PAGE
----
With the 2013 NFL Draft set for April 25-27 at Radio City Music Hall in New York, NFL.com draft analyst Josh Norris is identifying the top prospects available at every position. Today, he presents an overview of the best wide receivers. For a complete list of the rest of the positions, click here.
1. Tavon Austin, West Virginia: Austin is the premier playmaker in this class. Electric with the ball in his hands, he is able to make quick cuts, anticipate and use his vision to make oncoming defenders miss, though some will question his size (5-foot-8 1/2). According to West Virginia head coach Dana Holgorsen, Austin never missed a single practice during his collegiate career. Projection: First round
2. Cordarrelle Patterson, Tennessee: Like Austin, Patterson is a dangerous playmaker who can immediately make things happen with the ball in his hands. He's not overly physical, but the Vol is a smooth runner with great balance. There will be concerns about his incomplete route tree, but Patterson created separation without the explosive cuts. Projection: First round
3. DeAndre Hopkins, Clemson: The most consistent receiver in this class, Hopkins wins by separating with precise routes and is competitive at the catch point thanks to very strong hands. He isn't a burner, but Hopkins has enough long speed to run vertically. Projection: First round
4. Keenan Allen, Cal: Sure, Allen's 40-yard-dash times in the 4.7-second range at his pro day were a bit slower than expected, but speed isn't his game. Allen shows great burst in and out of his breaks while consistently winning at the catch point and showing the toughness to pick up extra yards. His 40 time might lower his draft position, but the talent is still there. Projection: Second round
5. Quinton Patton, Louisiana Tech: Patton is extremely smooth, showing the body control and fluid movement to excel on vertical routes and comebacks. He rarely drops a pass he gets both hands on. There's nothing eye-popping about Patton's game, but he will have a long career. Projection: Second round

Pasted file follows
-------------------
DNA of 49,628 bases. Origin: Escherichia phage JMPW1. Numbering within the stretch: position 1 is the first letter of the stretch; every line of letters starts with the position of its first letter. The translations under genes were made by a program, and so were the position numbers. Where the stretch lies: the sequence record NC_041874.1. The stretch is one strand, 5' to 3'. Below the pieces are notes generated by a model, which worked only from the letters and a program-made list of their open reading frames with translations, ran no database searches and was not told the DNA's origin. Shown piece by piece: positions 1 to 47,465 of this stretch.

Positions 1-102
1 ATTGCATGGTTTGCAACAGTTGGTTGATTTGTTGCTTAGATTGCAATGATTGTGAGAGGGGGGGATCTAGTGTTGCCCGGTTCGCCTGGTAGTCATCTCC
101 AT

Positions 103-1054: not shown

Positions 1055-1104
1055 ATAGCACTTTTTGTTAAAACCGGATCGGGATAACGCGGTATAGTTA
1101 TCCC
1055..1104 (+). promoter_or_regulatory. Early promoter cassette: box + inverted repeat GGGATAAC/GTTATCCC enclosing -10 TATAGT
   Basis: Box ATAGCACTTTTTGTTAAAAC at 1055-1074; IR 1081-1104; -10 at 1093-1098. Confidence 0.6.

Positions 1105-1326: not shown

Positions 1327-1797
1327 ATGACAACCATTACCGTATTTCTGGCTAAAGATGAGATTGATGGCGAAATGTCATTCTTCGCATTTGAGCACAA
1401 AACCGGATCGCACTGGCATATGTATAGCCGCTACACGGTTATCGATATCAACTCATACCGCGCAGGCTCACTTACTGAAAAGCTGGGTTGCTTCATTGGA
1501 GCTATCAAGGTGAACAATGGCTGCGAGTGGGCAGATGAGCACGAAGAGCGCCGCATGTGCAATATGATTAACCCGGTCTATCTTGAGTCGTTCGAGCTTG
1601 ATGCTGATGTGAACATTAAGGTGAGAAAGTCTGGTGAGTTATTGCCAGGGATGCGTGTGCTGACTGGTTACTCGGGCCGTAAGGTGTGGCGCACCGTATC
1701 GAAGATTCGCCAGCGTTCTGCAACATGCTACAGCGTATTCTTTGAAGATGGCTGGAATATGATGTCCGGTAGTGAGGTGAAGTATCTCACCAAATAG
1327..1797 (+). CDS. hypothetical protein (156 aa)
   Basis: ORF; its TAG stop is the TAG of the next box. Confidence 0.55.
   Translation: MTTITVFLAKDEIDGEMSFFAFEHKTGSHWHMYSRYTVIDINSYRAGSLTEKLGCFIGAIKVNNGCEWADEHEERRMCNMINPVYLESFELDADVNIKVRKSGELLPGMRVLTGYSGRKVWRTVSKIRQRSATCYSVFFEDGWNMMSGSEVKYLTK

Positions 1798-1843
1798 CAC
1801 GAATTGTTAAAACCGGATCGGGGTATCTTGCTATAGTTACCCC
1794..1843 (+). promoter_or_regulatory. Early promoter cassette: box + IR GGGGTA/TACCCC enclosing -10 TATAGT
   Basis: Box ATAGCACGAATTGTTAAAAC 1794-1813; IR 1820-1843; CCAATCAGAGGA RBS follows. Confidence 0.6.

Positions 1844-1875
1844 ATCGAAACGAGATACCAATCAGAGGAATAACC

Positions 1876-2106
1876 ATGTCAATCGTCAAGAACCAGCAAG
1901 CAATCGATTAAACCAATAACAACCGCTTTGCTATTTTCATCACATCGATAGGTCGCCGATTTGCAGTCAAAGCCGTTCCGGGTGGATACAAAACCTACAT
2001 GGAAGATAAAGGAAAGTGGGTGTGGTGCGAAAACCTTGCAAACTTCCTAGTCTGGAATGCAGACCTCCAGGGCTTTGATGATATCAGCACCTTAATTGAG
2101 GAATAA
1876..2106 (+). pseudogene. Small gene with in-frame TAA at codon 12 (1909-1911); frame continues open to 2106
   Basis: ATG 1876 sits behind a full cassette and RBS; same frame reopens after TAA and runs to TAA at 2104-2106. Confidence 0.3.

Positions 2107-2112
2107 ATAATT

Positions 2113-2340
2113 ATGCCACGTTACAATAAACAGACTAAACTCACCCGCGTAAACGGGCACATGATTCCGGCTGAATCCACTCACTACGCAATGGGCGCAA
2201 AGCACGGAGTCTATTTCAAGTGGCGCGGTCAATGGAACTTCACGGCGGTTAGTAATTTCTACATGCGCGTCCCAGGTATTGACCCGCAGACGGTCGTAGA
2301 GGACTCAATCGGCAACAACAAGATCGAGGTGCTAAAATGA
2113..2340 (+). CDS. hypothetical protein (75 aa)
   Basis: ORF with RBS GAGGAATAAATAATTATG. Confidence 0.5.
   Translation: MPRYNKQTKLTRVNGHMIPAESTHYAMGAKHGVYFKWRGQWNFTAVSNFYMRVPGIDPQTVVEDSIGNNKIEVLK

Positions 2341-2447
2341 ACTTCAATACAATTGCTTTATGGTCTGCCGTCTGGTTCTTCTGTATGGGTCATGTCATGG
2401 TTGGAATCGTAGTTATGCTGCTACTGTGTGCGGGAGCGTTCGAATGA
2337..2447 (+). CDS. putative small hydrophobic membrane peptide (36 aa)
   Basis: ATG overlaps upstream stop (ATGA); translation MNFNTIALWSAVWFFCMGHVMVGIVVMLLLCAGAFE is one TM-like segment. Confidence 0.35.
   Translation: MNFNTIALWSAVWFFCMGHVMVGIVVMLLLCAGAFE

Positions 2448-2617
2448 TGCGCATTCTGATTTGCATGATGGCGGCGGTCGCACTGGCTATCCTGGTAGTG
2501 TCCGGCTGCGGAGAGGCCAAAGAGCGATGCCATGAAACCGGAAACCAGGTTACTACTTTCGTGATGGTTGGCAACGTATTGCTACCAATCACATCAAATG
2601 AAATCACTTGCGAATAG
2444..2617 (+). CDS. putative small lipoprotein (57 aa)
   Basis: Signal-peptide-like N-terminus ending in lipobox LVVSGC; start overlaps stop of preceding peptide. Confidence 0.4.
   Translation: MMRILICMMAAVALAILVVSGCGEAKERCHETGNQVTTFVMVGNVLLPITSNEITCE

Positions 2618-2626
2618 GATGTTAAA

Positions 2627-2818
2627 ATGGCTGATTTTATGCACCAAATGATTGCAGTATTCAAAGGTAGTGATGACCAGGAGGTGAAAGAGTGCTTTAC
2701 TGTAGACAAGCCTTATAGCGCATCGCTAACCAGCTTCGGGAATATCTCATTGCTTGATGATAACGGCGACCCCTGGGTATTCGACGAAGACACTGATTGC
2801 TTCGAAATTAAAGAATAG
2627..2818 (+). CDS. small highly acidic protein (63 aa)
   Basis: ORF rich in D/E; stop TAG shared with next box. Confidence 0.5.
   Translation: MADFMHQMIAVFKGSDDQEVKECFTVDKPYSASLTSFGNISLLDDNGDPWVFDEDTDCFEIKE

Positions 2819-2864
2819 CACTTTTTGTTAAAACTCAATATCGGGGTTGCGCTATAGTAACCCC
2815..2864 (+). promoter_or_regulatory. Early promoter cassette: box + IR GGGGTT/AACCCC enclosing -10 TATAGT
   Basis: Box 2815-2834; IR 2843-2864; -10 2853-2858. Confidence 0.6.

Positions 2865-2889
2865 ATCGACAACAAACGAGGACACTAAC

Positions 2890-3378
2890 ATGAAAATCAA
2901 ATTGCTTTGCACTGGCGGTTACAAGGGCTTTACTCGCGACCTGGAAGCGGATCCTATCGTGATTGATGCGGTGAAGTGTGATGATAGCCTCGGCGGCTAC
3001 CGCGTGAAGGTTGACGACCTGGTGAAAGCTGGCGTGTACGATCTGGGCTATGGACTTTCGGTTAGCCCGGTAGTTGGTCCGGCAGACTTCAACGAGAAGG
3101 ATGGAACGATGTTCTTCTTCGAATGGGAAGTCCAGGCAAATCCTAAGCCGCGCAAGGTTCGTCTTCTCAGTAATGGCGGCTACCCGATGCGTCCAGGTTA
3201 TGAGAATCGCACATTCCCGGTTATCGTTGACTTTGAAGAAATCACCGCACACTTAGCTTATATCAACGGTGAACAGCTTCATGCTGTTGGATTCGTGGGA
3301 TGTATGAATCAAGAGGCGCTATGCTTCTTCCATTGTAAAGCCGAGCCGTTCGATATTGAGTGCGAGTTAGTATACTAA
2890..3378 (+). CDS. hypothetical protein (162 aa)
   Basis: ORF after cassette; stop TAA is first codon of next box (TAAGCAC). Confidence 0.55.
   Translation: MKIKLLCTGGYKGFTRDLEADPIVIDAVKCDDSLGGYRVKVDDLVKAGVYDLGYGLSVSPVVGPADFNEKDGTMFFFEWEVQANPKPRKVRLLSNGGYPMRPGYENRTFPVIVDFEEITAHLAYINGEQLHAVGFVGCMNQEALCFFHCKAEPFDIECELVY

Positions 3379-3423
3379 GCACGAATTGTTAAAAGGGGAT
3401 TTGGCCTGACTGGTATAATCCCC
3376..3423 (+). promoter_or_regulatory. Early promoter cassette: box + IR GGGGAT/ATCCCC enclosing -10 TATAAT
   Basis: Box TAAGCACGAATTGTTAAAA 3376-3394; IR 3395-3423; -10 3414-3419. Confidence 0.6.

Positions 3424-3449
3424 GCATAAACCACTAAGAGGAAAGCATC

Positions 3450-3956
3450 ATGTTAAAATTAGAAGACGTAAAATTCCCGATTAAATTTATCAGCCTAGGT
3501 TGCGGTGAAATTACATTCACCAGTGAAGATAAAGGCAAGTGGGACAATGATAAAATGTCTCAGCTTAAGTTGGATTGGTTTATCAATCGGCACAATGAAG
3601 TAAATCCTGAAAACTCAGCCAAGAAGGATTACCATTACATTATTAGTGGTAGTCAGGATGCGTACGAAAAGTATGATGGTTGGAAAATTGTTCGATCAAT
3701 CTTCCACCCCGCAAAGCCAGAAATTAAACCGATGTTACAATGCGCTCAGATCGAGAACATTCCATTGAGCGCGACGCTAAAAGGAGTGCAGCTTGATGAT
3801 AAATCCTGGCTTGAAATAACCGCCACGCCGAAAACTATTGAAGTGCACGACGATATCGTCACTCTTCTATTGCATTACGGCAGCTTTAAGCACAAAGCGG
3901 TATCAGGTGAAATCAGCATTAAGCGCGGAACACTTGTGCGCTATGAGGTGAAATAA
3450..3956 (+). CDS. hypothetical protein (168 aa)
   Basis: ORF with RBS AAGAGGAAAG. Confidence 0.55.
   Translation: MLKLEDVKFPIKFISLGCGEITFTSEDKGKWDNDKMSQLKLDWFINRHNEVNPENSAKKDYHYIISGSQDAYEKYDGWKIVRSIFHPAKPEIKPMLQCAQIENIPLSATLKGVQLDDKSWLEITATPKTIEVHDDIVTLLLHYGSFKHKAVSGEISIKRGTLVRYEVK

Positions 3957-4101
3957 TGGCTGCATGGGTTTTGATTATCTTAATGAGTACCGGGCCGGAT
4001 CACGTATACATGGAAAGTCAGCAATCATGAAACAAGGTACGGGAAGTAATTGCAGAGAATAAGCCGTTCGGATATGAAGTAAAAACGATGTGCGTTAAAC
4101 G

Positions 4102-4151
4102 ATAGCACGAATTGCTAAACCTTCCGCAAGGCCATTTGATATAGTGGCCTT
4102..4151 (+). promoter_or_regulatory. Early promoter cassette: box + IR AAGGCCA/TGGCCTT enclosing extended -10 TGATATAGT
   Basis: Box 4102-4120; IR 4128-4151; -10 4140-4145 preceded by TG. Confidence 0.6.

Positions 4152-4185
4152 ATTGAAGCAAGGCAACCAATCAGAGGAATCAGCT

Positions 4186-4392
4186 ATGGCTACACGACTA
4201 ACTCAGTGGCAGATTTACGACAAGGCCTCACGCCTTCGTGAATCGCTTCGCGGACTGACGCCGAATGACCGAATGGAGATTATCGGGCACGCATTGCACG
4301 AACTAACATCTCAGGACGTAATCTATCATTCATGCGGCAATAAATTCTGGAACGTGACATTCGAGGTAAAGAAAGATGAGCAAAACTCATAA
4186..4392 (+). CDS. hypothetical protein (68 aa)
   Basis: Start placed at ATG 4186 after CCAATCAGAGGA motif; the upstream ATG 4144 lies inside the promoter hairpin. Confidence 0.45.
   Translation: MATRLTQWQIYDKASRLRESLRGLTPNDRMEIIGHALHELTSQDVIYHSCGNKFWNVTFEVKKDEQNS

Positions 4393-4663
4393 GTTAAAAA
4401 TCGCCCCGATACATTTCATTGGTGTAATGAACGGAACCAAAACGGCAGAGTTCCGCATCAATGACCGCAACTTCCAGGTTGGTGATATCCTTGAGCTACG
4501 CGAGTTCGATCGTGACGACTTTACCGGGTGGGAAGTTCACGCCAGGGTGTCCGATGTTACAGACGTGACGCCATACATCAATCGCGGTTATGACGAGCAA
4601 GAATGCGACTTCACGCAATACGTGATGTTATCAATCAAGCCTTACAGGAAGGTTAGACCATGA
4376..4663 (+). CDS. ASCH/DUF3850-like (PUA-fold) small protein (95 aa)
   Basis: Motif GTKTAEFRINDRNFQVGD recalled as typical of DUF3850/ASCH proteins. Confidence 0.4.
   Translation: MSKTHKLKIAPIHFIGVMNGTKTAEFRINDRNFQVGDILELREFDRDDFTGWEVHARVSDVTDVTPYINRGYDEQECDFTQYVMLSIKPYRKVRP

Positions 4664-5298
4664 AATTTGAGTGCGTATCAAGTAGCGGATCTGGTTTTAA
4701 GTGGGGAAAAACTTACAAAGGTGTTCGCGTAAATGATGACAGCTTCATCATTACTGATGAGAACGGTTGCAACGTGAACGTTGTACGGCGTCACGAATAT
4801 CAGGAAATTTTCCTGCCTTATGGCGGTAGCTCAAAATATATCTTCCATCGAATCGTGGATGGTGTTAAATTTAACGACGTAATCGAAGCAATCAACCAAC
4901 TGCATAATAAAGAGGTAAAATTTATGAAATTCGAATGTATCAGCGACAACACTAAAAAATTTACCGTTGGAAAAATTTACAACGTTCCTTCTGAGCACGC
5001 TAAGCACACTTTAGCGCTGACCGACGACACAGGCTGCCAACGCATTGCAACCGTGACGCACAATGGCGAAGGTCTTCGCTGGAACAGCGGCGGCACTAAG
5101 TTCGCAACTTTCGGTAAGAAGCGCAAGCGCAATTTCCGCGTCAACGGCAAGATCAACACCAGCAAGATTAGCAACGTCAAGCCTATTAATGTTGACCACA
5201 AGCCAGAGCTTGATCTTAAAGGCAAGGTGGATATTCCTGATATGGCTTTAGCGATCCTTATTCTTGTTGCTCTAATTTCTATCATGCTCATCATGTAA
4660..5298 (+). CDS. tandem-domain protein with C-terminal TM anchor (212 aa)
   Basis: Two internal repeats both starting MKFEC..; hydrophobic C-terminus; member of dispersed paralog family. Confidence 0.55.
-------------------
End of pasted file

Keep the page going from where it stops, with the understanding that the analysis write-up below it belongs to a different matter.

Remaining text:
6. Markus Wheaton, Oregon State: There have been plenty of comparisons made between Wheaton and Mike Wallace; I actually think the Oregon State product is further along in his development than Wallace was coming out of college. Wheaton definitely gets behind coverages, but he also cuts his routes off with burst and works underneath well, too. Projection: Second round
7. Robert Woods, USC: Perhaps the second-best slot receiver in this class after Austin, Woods can dominate in the short-to-intermediate game, though he should not be overlooked on downfield shots, either. As long as his ankle stays healthy, Woods will be productive. Projection: Second round
8. Stedman Bailey, West Virginia: Bailey is not as flashy as his Mountaineer teammate Austin, but he always came through when Geno Smith needed him most. He thrives in the red zone and creates slivers of separation at the catch point. Projection: Second round
9. Justin Hunter, Tennessee: Hunter has all of the upside boxes checked. After he suffered a season-ending knee injury in 2011, I expected the Tennessee product to face physical setbacks. Instead, we saw way too many mental lapses in the form of drops. But Hunter has the length and agility to be an impact target. Projection: Second round
Follow Josh Norris on Twitter @JoshNorris.